Aimee Stanton

Country/area: United Kingdom

Organisation: NationalWorld

Organisation size: Small

Cover letter:

In the early stages of my journalism career there wasn’t a spreadsheet in sight – I couldn’t do basic calculations, nevermind how to use a dataset to find and tell a story. In other words I never expected my career to develop into one involving formulas and charts – but I am incredibly glad it has done so.

My early experience was very much centred around ‘traditional’ journalism. I studied journalism at Edinburgh Napier University and after graduating in 2012 I interned and worked freelance at numerous publications in the UK and in Germany I worked on small investigations and then on lifestyle content. I joined the central content features desk at local and regional news publisher JPIMedia in 2015.

I was really keen to broaden my knowledge and expand my journalism skills so I jumped at the opportunity to go on a three month secondment to the BBC Shared Data Unit in Birmingham. From being terrified of spreadsheets to working on my own investigations, the Shared Data Unit opened my eyes to the world of data journalism and showed me the impact it can have on not only the newsroom but on society as a whole. It was here that my passion for data journalism really began.

After leaving my secondment I returned to JPIMedia where I joined the newly formed data unit with Claire Wilde (Data and Investigations Editor for JPIMedia). Claire has been a huge support over the years and really encouraged my growth as a journalist. Together we produced a number of hard-hitting investigations for all local and regional JPIMedia newspapers.

The last year has seen some major changes at JPIMedia – including the launch of their new UK wide site NationalWorld. I now work primarily for NationalWorld in its data unit, led by Data and Investigations Editor, Harriet Clugston, where I produce data driven investigations, data explainers and respond to daily stats published by official bodies. Harriet is a fantastic editor and colleague and is very supportive in helping me develop stories. On a separate note, journalism is often recognised as being a very male dominated profession, especially data journalism, so I am incredibly proud to work alongside two top class female data journalists. 

Working at NationalWorld since its inception has also been a brilliant opportunity and our editor Nick Mitchell is extremely supportive and passionate about the use of data journalism in everyday reporting. As a result we’ve run a number of training sessions to help reporters get to grips with not just spreadsheets but data visualisation too.

The analysis and visualisations are just one fraction of the role though and as a journalist I am extremely passionate about showing the human story behind the numbers. Whether it is pollution on your doorstep to asylum applications being rejected, my aim as a journalist is to tell these hidden stories and I hope the pieces attached showcase the best of my ability.

Description of portfolio:

Link 1: For this investigation I used government data to analyse planning permission for renewable energy sites across the UK. The story, which ran to coincide with the COP26 conference, aimed to highlight the state of the UK’s renewable energy sector as the country steps further away from fossil fuels. I discovered that planning applications for onshore wind farms in the UK had collapsed in the last five years after subsidies were scrapped. This led campaigners to warn that the UK’s 2050 net zero target would not be hit if there was not more investment.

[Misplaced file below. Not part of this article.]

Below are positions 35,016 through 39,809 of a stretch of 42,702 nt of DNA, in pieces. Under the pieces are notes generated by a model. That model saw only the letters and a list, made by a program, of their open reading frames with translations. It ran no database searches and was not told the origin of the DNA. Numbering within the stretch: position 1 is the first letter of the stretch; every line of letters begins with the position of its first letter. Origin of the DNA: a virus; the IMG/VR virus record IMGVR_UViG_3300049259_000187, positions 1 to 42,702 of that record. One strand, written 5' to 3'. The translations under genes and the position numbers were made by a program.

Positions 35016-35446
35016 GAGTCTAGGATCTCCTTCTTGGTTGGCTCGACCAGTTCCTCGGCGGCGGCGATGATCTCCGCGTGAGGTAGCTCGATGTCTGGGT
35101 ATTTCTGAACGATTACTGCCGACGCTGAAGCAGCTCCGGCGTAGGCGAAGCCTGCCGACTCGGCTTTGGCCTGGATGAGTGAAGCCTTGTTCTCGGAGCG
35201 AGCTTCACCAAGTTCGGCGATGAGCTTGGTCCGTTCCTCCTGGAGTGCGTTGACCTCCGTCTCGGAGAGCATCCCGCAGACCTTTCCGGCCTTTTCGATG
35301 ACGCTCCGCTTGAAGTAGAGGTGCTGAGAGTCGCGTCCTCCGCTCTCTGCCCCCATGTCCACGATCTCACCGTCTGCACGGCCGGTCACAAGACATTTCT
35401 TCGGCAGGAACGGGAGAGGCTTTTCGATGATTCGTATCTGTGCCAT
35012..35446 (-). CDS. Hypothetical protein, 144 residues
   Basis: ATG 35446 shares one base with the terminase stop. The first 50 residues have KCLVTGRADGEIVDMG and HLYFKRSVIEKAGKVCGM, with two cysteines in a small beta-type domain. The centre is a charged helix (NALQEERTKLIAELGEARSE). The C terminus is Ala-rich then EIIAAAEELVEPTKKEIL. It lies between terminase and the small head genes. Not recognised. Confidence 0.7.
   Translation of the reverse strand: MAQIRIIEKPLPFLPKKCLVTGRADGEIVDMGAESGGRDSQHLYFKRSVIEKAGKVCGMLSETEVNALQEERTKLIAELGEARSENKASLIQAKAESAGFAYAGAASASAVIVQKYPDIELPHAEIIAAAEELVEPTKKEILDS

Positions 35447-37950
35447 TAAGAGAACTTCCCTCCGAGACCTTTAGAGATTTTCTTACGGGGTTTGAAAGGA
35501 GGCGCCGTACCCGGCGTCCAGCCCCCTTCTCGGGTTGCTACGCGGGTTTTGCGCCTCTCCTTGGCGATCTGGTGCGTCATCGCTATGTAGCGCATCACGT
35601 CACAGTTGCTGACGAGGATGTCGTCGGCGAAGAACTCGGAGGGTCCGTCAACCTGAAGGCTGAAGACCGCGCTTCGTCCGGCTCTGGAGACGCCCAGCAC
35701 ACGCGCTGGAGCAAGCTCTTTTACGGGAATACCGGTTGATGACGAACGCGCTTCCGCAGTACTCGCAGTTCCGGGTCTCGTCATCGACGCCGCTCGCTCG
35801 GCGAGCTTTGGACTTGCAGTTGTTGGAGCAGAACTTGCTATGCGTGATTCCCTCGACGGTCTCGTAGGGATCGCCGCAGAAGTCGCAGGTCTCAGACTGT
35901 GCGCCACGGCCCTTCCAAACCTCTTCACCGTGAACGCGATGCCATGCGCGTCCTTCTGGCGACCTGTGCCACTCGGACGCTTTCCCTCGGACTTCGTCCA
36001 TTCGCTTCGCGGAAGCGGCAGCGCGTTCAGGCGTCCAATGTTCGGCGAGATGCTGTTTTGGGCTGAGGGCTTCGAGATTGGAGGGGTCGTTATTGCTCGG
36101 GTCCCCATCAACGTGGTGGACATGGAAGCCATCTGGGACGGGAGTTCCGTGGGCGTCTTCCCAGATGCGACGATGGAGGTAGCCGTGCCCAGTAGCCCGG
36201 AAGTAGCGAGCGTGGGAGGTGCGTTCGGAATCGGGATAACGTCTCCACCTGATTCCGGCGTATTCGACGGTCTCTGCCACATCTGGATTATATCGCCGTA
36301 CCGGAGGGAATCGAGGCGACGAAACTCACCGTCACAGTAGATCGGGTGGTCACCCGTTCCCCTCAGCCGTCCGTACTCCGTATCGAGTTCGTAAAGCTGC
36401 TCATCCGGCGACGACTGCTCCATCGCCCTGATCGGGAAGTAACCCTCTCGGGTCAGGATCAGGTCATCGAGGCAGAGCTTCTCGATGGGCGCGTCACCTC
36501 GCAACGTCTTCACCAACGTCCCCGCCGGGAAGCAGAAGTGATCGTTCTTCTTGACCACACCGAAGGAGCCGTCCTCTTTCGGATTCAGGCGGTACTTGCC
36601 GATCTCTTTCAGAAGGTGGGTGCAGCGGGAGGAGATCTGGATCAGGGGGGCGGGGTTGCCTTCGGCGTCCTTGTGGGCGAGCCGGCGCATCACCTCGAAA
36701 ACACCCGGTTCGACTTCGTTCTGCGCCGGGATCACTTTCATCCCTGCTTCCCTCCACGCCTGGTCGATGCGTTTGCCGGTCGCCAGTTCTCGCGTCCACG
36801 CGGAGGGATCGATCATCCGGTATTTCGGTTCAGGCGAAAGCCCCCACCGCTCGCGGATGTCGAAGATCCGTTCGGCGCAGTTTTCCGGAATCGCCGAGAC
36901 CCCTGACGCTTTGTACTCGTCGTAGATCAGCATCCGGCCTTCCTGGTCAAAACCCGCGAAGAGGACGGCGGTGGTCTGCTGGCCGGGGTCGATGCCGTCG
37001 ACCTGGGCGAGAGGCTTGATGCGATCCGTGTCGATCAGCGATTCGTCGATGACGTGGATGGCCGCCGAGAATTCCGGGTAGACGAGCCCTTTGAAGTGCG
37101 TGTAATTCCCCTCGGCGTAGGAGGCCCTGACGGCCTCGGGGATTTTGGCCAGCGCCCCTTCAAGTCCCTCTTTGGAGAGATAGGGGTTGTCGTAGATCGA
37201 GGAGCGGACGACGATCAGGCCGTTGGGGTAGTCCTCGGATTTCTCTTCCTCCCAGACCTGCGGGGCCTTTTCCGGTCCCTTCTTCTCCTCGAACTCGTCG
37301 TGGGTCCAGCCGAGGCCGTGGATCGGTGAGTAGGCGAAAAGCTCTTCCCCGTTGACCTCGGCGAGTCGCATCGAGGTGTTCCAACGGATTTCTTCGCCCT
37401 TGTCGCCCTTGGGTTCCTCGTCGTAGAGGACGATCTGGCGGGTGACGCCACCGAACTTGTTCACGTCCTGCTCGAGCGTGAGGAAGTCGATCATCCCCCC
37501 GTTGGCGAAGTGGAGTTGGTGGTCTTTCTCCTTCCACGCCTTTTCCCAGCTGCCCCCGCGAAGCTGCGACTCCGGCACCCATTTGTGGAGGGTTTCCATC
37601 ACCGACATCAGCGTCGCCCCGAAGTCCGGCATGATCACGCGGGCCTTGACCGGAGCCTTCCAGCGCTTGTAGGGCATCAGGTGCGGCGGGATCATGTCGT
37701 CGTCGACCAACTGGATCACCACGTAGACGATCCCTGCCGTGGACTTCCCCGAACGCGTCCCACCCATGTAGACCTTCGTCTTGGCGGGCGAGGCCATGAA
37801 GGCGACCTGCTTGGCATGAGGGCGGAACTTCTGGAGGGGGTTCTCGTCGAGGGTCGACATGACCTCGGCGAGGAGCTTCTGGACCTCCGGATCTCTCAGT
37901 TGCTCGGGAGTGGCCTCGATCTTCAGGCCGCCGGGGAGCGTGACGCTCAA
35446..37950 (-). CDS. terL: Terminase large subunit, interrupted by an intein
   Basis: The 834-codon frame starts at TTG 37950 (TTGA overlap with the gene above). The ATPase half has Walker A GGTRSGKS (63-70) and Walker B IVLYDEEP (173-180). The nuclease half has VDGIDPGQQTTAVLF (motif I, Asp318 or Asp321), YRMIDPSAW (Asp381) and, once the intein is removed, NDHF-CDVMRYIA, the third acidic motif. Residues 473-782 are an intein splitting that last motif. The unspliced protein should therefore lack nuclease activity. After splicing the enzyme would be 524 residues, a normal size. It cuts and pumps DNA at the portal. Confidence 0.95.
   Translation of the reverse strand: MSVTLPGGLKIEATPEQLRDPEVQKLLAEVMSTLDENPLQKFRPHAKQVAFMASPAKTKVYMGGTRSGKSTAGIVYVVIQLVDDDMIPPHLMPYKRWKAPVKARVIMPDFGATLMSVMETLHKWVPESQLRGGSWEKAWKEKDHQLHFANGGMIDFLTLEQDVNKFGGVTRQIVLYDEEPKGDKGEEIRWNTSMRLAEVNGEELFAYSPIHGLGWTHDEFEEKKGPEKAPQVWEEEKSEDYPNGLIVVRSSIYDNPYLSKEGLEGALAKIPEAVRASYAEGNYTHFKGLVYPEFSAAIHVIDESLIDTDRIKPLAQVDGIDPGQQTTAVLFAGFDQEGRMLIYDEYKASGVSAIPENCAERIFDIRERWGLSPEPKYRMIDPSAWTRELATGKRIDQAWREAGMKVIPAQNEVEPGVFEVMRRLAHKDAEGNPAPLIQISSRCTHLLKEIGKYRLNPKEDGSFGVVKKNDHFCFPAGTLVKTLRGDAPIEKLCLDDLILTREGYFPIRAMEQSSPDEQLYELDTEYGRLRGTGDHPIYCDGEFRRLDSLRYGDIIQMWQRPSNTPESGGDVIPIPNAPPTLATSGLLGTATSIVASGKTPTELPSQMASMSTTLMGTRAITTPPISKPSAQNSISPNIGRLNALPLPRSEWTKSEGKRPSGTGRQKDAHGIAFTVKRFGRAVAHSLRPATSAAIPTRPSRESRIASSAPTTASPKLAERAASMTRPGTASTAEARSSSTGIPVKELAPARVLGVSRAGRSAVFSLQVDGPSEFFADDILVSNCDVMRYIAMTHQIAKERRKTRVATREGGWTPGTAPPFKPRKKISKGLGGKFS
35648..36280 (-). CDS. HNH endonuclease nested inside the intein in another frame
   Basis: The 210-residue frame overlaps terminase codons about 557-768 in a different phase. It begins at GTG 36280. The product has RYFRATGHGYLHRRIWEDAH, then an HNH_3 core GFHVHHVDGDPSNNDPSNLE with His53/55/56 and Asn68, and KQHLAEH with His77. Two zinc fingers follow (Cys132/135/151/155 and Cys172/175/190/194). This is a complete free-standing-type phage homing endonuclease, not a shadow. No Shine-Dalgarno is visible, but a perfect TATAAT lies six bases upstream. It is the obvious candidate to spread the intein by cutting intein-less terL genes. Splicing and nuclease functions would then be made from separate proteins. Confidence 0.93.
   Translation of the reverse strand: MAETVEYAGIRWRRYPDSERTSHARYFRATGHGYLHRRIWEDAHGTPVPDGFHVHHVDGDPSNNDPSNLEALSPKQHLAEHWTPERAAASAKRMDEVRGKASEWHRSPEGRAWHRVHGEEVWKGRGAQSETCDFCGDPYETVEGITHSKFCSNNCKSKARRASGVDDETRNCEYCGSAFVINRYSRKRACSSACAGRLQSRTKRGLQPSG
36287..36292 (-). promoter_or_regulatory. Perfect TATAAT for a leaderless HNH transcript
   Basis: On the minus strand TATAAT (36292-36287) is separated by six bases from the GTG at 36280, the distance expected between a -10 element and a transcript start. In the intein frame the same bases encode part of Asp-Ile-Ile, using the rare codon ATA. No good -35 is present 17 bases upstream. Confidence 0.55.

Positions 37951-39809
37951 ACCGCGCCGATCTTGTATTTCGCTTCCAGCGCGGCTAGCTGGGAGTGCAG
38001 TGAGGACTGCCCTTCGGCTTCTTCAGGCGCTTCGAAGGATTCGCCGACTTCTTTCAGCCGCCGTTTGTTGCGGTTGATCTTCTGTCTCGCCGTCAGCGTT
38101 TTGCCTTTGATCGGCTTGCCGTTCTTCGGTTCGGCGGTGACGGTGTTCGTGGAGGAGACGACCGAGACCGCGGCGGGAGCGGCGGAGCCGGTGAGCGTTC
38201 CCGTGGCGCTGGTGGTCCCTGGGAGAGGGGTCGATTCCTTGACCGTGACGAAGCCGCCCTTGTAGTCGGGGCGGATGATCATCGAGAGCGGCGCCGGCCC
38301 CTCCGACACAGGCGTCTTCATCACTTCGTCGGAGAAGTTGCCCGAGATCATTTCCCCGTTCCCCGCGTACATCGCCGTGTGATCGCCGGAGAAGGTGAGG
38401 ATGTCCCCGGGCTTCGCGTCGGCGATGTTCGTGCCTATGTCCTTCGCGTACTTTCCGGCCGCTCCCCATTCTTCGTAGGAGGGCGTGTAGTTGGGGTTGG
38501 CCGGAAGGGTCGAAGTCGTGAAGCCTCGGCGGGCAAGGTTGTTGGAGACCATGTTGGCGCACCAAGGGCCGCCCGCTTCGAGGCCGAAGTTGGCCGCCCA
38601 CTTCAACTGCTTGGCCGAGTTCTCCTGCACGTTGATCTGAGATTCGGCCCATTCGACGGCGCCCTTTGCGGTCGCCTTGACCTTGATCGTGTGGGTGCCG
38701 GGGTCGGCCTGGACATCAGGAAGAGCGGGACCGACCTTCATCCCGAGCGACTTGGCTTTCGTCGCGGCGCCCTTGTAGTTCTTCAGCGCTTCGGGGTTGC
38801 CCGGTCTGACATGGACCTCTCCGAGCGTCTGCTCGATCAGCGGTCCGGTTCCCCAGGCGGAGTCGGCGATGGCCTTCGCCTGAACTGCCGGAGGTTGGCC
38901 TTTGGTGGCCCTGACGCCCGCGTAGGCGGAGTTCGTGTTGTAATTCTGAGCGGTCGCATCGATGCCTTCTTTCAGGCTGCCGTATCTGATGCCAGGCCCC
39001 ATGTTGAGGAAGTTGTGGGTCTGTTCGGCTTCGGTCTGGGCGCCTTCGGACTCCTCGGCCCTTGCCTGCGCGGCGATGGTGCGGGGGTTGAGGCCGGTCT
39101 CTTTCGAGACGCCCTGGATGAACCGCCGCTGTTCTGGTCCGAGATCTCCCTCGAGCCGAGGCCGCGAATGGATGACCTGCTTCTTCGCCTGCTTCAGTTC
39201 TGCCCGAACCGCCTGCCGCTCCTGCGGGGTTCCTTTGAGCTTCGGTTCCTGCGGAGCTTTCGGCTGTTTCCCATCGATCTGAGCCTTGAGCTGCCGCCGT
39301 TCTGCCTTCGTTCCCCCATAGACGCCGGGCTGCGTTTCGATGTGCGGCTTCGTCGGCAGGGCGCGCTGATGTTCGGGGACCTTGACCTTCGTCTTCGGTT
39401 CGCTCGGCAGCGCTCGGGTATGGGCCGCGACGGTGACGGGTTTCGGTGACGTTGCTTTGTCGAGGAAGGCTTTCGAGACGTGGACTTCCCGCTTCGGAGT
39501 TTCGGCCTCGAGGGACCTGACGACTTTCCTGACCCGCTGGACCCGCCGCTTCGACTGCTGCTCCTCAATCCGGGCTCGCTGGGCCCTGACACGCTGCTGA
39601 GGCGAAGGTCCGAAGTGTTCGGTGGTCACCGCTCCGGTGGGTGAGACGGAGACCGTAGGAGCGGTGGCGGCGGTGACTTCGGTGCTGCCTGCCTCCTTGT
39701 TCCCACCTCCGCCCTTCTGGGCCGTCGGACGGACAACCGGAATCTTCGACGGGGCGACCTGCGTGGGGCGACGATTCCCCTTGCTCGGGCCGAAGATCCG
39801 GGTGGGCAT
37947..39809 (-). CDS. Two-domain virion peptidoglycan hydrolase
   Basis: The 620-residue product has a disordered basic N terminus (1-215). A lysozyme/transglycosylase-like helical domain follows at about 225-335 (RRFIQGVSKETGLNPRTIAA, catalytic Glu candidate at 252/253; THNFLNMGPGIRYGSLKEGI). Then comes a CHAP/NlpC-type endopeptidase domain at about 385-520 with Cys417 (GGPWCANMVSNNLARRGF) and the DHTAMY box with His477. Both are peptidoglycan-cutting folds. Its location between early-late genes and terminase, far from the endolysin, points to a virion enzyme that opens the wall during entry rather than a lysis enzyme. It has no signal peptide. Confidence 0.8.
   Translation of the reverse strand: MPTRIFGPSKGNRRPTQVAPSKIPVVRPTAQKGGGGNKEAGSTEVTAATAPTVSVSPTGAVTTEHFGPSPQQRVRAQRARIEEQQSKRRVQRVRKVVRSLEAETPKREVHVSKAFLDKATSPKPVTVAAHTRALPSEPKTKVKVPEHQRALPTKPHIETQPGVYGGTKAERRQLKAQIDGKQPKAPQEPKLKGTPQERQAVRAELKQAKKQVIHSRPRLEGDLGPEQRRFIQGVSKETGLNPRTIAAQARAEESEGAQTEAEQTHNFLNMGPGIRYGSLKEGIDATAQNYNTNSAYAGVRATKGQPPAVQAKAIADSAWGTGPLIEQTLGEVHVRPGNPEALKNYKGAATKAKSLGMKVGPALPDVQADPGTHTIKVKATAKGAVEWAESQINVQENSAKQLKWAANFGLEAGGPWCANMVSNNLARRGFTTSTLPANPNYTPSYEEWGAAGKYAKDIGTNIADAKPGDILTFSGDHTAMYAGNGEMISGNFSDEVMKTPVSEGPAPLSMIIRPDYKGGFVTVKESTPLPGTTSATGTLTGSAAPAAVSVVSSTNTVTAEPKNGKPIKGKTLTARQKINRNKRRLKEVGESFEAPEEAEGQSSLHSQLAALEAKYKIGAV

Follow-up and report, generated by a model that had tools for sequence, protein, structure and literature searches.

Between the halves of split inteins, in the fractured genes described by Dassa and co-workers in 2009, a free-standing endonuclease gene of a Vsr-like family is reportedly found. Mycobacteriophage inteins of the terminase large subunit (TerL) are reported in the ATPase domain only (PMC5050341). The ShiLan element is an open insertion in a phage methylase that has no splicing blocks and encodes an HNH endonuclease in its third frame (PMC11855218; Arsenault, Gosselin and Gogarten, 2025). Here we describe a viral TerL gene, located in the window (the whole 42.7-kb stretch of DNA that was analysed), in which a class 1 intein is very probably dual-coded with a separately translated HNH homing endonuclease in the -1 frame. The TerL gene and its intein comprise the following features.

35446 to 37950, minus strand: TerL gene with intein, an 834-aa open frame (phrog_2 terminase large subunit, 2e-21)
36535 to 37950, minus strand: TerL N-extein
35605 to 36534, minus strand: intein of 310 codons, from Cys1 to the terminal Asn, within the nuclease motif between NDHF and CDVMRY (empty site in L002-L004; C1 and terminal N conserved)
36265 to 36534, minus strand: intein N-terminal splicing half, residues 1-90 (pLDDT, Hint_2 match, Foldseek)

Link 2: The Insulate Britain campaign group dominated UK headlines in 2021 by blocking major motorways in England. Their aim was for the government to take action on insulating Britain’s homes which inspired me to look into the energy efficiency ratings of some of the UK’s best known buildings. My focus was on Number 10 Downing Street and I revealed that the building, which is home to the Prime Minister, had a below average energy efficiency rating and failed to use any renewable energy sources. 

Link 3: Sourced through publicly available data and an Environmental Information Request, this investigation looked into environmental crime across England and Scotland. This was an extremely messy data set and I spent some time clearing and analysing the data. My analysis revealed prosecutions for corporate environmental crime had plummeted. It was a complex analysis and I ended up running multiple stories based on the single dataset to show which companies had been prosecuted for polluting around the country.

Link 4: Having a smart meter is thought to be one of the main consumer actions needed to reduce energy consumption and achieve net zero by 2050 but the UK’s smart meter rollout was severely hampered by coronavirus restrictions. My analysis revealed that even before the pandemic the rollout was slowing pace making a 2025 target unlikely to be hit.

Link 5: In response to a Government U-turn on sewage discharges I looked into pollution at beaches across England and revealed incidents were at a record high. This included waste and oil spills.

Link 6: This investigation revealed how the UK Government denied asylum to dozens of Afghans during the Taliban’s resurgence, affecting both children and the elderly.

Link 7: The arts sector has been hit extremely hard by coronavirus restrictions so I was keen to explore how much support they have been receiving. My analysis found that the major cities (Edinburgh and London) have been hoovering up grants leaving culture deserts behind.

Link 8: Vaccine and health misinformation has been rife throughout the pandemic so I investigated whether controversial homeopathic treatments were still being prescribed by the NHS. My analysis found GPs had prescribed homeopathic treatments to NHS patients 1,000 times during the pandemic.

Project links: